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Hidden Disorders and Charlie’s Web: How my ultimate loss led to my investigation of PPROM – PART 2
Blog 6 min read
Hidden Disorders and Charlie’s Web: How my ultimate loss led to my investigation of PPROM – PART 2
Nov 09, LabFinder

I went into labor at 25 weeks, 4 days – 12 days after my water broke.

It was due to an infection that is most often associated with prolonged labor, which technically I was in. Once your water breaks, it’s the start of labor whether you have your baby right away or not. And at this point, it was unquestionably an emergency situation, as I’d been told it would almost certainly become.

I won’t ever forget how quickly I went into active labor and the way my mom looked at me as I felt Charlie coming. My mom immediately ran to get the nurse at that point, and within seconds a code team of doctors and nurses were surrounding me. I screamed at them to stop probing me, yet again, and to call my own doctors and the NICU team, none of which happened; there was simply no time. As I laid in my bed, terrified, they took me back to the ICU, to the OR room, and my mom’s face as I left with PJ was a face I had never seen before. I seriously think she never thought she’d see me or her grandchild alive again.

Once we hit the OR, I was still only surrounded by doctors and nurses I didn’t know, and it terrified me, and as much as I tried, I was only barely able to stay in control of myself, begging them to make the labor stop. Thankfully, the NICU team arrived just about the time we did.

PPROM patient story

The care I received was very personal; everyone was invested in Charlie. I had PJ holding one hand, a nurse holding the other, three anesthesiologists keeping me calm, a slew of physicians on either side of me, and a group of the NICU staff in my right corner. My obstetrician didn’t make it until I was already beginning to push, so she oversaw the team, and provided me with genuine empathy as well as honest love and support.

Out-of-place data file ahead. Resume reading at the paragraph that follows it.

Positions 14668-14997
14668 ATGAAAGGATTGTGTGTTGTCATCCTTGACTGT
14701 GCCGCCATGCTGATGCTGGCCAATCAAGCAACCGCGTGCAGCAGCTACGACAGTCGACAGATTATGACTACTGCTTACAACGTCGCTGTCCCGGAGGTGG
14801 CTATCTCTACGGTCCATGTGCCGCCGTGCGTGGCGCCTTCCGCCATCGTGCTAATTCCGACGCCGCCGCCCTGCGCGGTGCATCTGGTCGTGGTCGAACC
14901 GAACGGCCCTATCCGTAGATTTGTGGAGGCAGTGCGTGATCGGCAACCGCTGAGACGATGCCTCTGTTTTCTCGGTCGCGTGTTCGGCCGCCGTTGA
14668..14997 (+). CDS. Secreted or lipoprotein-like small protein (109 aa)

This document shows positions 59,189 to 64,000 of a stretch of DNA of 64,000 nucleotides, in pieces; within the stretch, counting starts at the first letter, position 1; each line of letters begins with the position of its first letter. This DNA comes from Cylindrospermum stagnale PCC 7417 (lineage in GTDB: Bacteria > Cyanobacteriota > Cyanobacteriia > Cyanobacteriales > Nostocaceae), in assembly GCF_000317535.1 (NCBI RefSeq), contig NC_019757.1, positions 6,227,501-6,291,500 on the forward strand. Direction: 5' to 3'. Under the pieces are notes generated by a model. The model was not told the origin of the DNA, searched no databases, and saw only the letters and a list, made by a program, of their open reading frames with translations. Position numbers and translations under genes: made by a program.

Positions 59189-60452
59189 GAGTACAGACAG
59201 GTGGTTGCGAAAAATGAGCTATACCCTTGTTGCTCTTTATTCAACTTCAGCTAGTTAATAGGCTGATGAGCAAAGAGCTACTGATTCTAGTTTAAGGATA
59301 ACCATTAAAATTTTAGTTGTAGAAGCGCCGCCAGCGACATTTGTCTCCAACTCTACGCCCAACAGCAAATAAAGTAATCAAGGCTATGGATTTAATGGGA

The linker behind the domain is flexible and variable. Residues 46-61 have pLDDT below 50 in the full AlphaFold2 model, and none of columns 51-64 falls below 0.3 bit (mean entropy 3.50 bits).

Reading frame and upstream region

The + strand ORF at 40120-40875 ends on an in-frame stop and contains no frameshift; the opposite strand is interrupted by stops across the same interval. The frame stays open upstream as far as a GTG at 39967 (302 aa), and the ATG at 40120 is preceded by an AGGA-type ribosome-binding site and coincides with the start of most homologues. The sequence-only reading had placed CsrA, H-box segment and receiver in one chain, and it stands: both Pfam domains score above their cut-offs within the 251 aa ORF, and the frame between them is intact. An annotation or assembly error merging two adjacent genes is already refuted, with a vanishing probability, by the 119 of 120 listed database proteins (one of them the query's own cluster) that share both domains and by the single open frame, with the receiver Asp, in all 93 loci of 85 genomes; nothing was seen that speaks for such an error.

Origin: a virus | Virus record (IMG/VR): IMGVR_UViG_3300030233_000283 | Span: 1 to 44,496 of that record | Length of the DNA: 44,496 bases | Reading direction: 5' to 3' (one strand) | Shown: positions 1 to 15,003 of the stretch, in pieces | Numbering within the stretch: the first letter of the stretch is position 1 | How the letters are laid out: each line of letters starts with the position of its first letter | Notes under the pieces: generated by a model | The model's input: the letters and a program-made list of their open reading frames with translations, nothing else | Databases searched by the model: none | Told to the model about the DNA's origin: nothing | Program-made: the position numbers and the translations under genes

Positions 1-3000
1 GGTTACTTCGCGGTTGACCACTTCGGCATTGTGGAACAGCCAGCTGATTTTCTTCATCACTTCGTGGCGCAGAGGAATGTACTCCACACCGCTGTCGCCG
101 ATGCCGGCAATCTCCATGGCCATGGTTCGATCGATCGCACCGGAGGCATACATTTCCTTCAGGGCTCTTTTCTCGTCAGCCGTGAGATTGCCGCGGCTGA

I remember PJ saying, clear as day, “She’s crying and she’s beautiful,” even though I couldn’t – the adrenaline didn’t allow it past the white noise in my ears.

The NICU team had her intubated in less than 30 seconds and one of our favorite neonatologists showed her to me before they rushed her up to the NICU. There wasn’t a dry eye in sight. In that moment, I was okay. I realized our birth story was our version of perfect. It wasn’t ideal, and I do mourn not being able to hold Charlie to term, but when put in that situation, you must adapt.

At 1lb 9oz, our daughter was born more than 14 weeks (3.5 months) early, and we were terrified. We knew babies were born premature, but never knew they could be born and survive this premature. We had no idea what we were facing. We were now NICU parents. I was a NICU mom, and PJ was a NICU dad, and I can tell you that nobody but us aspired to be that. I knew Charlie’s entrance into the world was going to be tough, and in getting that title meant she made it through labor and delivery and that she was already beating the odds.

As a NICU mom, you wheel your half-dressed, still-recovering body up to see your baby as soon as your doctor says you can. And as I wheeled myself into the NICU, I cried my eyes out as I tried to keep myself together. The guilt overwhelmed me as I looked at the machines keeping Charlie alive. Yet, there was none of the judgement I feared. It was a world only a few would ever have to witness – a place where the sickest babies are given a fighting chance at life, and a place my family called home for the next 5 weeks, 2 days.

PPROM patient story LabFinder

My husband PJ, I feel, was often forgotten because of everything I endured, but in reality he experienced damn near everything I did too. My health and Charlie’s health were out of his control and I know he felt helpless. He had to choose between being with his critically ill newborn, or his recovering wife. I, of course, wanted him to be with Charlie, especially when I couldn’t, so while I know he felt guilty leaving me in the OR, I was relieved knowing he was with Charlie.

At 10 days old, and still weighing less than 2 pounds, I held my daughter for the first time, her miniature hands placed perfectly on my chest. I will forever be thankful to the nurse who gave me that milestone. It’s a moment that will be etched in my heart for the rest of my life.

The constant beeping and alarms in the NICU will haunt you, and even when you leave you still can hear them. Personally, for my own sanity, I needed to be there as often as possible. And I found so much joy in her routine care: I could change her diaper, take her temperature, help weigh her, pump my milk to help feed her, and help keep her calm for blood gases. I developed relationships with her nurses, respiratory therapists, and neonatologists. I made sure to be by her isolette for morning and nighttime rounds. I was included in every decision and aspect of her care. I shut down to the outside world, because watching baby after baby come and go from the NICU, I knew that every minute with Charlotte was precious.

Because honestly, there is no option, no direction, no decision, outside of staying strong. That’s what it meant to be a NICU mom, and that was, without question, what kept me going.

(Sometimes I wonder if that’s what still keeps me going.)

To Be Concluded…


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